Before we attempt an answer, let's shine a light on "confirmation bias," in which we seek out information that confirms or reinforces our preconceived ideas. It's one of the most common and alluring traps we face as investors: Bulls tend to seek out positive evidence, dismissing negative factors, while bears focus on negative news, ignoring positive trends.
Experienced traders learn not to shun information that runs counter to their bias but to actively seek it out. It's been said one of the best investment-strategy habits is to try to prove your own biases wrong.
This explains my journalistic mission of trying to present strong cases for both bull and bear views. In late April, I suggested the low volatility Index ($VIX) was sending a warning that the risks of a decline were rising. Since topping out at around 11,200 in late April, the Dow Jones Industrial Average ($INDU) had fallen to 9,800 at that point -- a decline of some 1,400 points. Following up on the bear case, I then suggested the market top was in for the year and a severe decline (a.k.a. a crash) was possible.
But once the U.S. market fell to key support levels, I made the case for a short-term rally -- the bullish view -- and for a possible "head and shoulders" pattern forming.
Returning to the notion that past market action may offer clues to the future, here's a simple exercise: Overlay previous stock markets' bubbles and post-bubble price movements, and see if there's any alignment.
Bubbles are attractive targets for such overlay analysis because they're unmistakable. For example, nobody argues now about whether the dot-com NASDAQ was a bubble.
Here's an overlay of four well-known stock market bubbles:
- NASDAQ from 1990 to the present, featuring the 2000 dot-com-era bubble peak
- S&P 500 from 1920 through 1942, covering the "Roaring 20s" bubble, the 1929 crash and the Great Depression
- Shanghai stock market index from 2000 to the present, tracing the 2007 bubble top
- Japan's Nikkei Index from 1984 to the present, capturing the 1989 peak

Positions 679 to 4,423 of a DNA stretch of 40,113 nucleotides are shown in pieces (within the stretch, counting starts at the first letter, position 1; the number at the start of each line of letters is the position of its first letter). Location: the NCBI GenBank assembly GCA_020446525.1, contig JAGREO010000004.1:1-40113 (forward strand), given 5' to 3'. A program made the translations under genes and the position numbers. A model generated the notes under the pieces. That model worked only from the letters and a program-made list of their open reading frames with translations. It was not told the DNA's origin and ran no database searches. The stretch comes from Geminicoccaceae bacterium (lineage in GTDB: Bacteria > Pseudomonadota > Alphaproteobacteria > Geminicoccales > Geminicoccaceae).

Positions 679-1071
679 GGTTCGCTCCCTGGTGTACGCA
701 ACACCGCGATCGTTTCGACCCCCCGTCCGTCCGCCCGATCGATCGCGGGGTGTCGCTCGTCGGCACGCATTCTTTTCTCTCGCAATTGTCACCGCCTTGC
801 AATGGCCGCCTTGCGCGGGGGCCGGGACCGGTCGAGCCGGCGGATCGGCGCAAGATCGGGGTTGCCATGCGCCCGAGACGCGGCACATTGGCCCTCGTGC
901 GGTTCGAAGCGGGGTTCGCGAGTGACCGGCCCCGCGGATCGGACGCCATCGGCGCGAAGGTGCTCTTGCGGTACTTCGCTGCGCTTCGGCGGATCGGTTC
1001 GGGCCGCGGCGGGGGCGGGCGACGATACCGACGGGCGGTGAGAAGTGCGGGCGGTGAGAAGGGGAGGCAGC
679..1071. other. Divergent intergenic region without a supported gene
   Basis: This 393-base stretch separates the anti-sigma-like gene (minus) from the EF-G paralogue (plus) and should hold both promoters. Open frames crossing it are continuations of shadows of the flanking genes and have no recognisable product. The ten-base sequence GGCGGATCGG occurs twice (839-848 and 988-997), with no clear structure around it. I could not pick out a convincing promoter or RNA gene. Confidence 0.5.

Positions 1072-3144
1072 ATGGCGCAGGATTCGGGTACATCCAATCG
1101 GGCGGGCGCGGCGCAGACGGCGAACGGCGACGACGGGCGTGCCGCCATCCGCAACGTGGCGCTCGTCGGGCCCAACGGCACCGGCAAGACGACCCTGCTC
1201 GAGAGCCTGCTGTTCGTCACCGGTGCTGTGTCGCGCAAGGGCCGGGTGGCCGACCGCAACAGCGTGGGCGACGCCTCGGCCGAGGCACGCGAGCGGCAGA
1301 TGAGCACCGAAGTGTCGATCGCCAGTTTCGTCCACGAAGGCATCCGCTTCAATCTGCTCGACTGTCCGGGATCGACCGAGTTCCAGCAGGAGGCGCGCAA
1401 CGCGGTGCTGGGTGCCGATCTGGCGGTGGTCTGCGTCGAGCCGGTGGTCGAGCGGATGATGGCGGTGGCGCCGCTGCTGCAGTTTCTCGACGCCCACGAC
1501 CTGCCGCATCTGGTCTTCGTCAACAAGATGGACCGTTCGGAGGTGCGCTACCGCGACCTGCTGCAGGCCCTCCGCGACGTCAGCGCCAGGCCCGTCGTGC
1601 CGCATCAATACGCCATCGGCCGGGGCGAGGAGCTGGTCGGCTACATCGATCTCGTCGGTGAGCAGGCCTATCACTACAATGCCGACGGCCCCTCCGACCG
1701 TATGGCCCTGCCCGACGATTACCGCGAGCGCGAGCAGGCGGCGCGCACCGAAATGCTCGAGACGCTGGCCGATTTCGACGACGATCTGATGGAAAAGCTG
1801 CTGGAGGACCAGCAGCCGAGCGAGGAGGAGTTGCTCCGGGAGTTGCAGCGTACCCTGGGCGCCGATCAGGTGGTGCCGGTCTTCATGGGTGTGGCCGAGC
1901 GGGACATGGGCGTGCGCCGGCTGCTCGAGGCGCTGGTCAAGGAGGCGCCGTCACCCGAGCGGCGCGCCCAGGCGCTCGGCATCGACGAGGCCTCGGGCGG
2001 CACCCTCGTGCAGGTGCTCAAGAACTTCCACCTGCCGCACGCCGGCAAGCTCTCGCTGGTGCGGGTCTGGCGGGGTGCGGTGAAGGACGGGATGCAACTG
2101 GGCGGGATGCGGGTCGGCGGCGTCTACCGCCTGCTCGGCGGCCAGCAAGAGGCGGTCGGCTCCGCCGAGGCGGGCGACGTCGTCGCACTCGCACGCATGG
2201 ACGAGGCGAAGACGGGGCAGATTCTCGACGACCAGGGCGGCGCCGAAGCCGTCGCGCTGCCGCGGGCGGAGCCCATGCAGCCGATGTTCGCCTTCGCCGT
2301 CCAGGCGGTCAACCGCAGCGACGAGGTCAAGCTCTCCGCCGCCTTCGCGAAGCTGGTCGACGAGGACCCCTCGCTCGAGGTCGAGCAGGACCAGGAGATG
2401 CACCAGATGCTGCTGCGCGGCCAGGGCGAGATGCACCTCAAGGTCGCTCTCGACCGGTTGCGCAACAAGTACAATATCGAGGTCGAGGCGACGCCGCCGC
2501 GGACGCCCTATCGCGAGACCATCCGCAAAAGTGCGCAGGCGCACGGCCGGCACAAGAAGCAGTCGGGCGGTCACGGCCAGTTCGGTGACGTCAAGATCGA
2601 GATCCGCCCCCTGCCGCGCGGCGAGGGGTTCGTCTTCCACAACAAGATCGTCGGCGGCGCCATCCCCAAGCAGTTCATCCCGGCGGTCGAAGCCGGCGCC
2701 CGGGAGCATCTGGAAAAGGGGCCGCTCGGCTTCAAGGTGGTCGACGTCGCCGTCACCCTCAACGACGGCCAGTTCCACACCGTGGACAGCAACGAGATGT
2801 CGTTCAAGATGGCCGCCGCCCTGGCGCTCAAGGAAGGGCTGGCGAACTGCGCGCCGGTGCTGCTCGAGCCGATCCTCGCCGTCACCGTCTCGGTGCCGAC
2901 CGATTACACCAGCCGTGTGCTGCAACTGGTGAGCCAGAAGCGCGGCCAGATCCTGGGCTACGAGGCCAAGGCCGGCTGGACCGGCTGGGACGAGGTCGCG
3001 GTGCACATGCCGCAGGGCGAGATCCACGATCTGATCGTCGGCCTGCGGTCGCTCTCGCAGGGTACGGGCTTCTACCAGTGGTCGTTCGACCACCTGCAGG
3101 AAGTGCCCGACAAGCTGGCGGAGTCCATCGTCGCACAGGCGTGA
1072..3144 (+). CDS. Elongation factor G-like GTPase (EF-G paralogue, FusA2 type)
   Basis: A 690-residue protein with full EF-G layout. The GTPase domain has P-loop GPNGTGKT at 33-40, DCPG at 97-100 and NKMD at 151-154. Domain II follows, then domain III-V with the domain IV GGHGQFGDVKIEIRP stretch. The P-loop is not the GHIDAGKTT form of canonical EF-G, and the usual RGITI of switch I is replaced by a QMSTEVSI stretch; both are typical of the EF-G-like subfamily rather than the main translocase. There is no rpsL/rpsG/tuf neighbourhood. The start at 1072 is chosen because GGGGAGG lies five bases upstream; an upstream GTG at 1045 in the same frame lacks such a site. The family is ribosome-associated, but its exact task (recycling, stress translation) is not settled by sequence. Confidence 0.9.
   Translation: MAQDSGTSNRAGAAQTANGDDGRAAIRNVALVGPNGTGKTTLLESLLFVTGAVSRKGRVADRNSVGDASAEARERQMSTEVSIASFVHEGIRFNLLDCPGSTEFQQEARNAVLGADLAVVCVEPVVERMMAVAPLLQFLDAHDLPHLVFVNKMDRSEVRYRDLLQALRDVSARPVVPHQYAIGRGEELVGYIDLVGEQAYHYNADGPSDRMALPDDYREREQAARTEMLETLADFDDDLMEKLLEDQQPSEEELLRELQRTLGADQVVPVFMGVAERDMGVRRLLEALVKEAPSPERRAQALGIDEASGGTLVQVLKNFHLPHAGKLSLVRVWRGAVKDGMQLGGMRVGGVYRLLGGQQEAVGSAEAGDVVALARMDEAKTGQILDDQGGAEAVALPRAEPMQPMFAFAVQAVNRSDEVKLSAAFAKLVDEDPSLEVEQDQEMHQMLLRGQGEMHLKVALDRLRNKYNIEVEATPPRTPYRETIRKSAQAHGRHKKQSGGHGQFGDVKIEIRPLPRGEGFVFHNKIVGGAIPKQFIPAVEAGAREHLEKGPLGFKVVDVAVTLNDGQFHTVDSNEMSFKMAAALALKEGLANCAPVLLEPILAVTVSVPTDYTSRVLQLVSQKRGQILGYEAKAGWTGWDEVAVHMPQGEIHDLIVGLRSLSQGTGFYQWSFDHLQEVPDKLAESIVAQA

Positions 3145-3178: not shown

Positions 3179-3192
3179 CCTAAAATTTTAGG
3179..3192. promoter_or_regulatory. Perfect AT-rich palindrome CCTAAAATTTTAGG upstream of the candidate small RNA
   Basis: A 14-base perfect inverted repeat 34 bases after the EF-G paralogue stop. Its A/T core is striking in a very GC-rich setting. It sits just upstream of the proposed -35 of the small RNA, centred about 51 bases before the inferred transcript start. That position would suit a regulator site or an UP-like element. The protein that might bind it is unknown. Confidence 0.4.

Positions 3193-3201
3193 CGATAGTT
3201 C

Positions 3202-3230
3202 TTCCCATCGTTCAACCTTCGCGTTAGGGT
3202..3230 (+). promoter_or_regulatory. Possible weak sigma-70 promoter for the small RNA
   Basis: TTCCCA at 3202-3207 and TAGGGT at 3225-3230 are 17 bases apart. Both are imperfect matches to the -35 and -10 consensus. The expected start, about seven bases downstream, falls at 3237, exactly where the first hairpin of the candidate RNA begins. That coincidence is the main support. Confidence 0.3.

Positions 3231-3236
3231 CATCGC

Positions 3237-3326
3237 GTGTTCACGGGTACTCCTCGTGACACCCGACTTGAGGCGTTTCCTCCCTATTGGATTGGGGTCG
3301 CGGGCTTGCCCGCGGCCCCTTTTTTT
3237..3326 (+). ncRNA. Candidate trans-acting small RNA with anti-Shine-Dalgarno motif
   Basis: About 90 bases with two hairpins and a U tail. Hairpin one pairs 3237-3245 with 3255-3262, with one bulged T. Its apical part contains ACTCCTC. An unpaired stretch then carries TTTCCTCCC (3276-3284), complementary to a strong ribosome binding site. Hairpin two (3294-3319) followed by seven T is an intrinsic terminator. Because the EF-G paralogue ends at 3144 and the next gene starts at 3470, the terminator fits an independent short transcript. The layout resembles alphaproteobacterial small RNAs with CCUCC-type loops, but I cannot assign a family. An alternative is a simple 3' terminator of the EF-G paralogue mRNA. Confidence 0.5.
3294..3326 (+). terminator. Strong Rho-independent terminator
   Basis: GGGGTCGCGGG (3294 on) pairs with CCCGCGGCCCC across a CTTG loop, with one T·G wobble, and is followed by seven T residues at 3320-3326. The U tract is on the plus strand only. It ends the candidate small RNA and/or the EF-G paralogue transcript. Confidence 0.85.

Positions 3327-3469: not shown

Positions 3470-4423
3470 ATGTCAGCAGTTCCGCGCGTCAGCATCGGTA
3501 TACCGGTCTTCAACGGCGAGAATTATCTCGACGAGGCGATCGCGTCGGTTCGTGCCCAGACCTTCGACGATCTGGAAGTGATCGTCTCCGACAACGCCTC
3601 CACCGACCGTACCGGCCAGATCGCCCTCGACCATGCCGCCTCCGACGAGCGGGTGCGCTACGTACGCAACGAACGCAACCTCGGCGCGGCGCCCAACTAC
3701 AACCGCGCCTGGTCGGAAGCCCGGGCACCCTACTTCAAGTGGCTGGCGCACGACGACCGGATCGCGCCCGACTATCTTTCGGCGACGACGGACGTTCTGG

Regardless of one's bias, there's a remarkable similarity in the meteoric rise and fall of each of these bubbles, despite the different eras and nations of origin. How could this be so?
The standard explanation is that markets are fundamentally reflections of human psychology, and since the latter's basic patterns don't change, markets will predictably trace out the cycle of greed, euphoria, denial, fear and panic that characterizes all speculative bubbles, be they in tulips, land or stocks.
To compare markets from different eras, this chart lays out the timeline in months and charts price as a percentage of each bubble's peak. This enables a more or less "apples to apples" comparison of how bubbles peak, collapse and then "echo" in post-bubble rebounds.
These three key features are surprisingly uniform in each bubble: Each rises steeply in a surge of euphoria, tops out quickly and then crashes as fear and panic replace greed and confidence.
Similar Time Frames
In the years following the peaks, markets rise and fall in several recovery rallies, none of which exceeds 60% of the bubble's peak. (The straight lines on this chart are trendlines that connect the various market peaks.)
The NASDAQ (black line) begins around 1990, and 120 months later (2000) the bubble peaks and collapses. About 210 months (17.5 years) out, the NASDAQ hit its post-bubble secondary peak in late 2007.
Interestingly, both the Nikkei (purple line) and Depression-era S&P 500 both reached their post-bubble highs within this same time frame.
The Shanghai index (blue line), being the "youngest" market, is still early in its post-bubble phase and is currently closely tracking the Nikkei index chart.
The history of the S&P 500 in the late 1930s and the Nikkei in the present era offer a sobering projection of post-bubble price movement: In both cases, ultimate lows were plumbed about 280 months out (23.3 years), which for the NASDAQ would be 1990 + 23 or 2013.
Even more striking, both these bubbles hit their secondary peaks right where the NASDAQ is now.
The saying is that history doesn't repeat, it echoes. And the history of speculative stock bubbles strongly suggests that all bubbles echo the same underlying pattern of human psychology. If that's credible, investors should be wary about the next few years.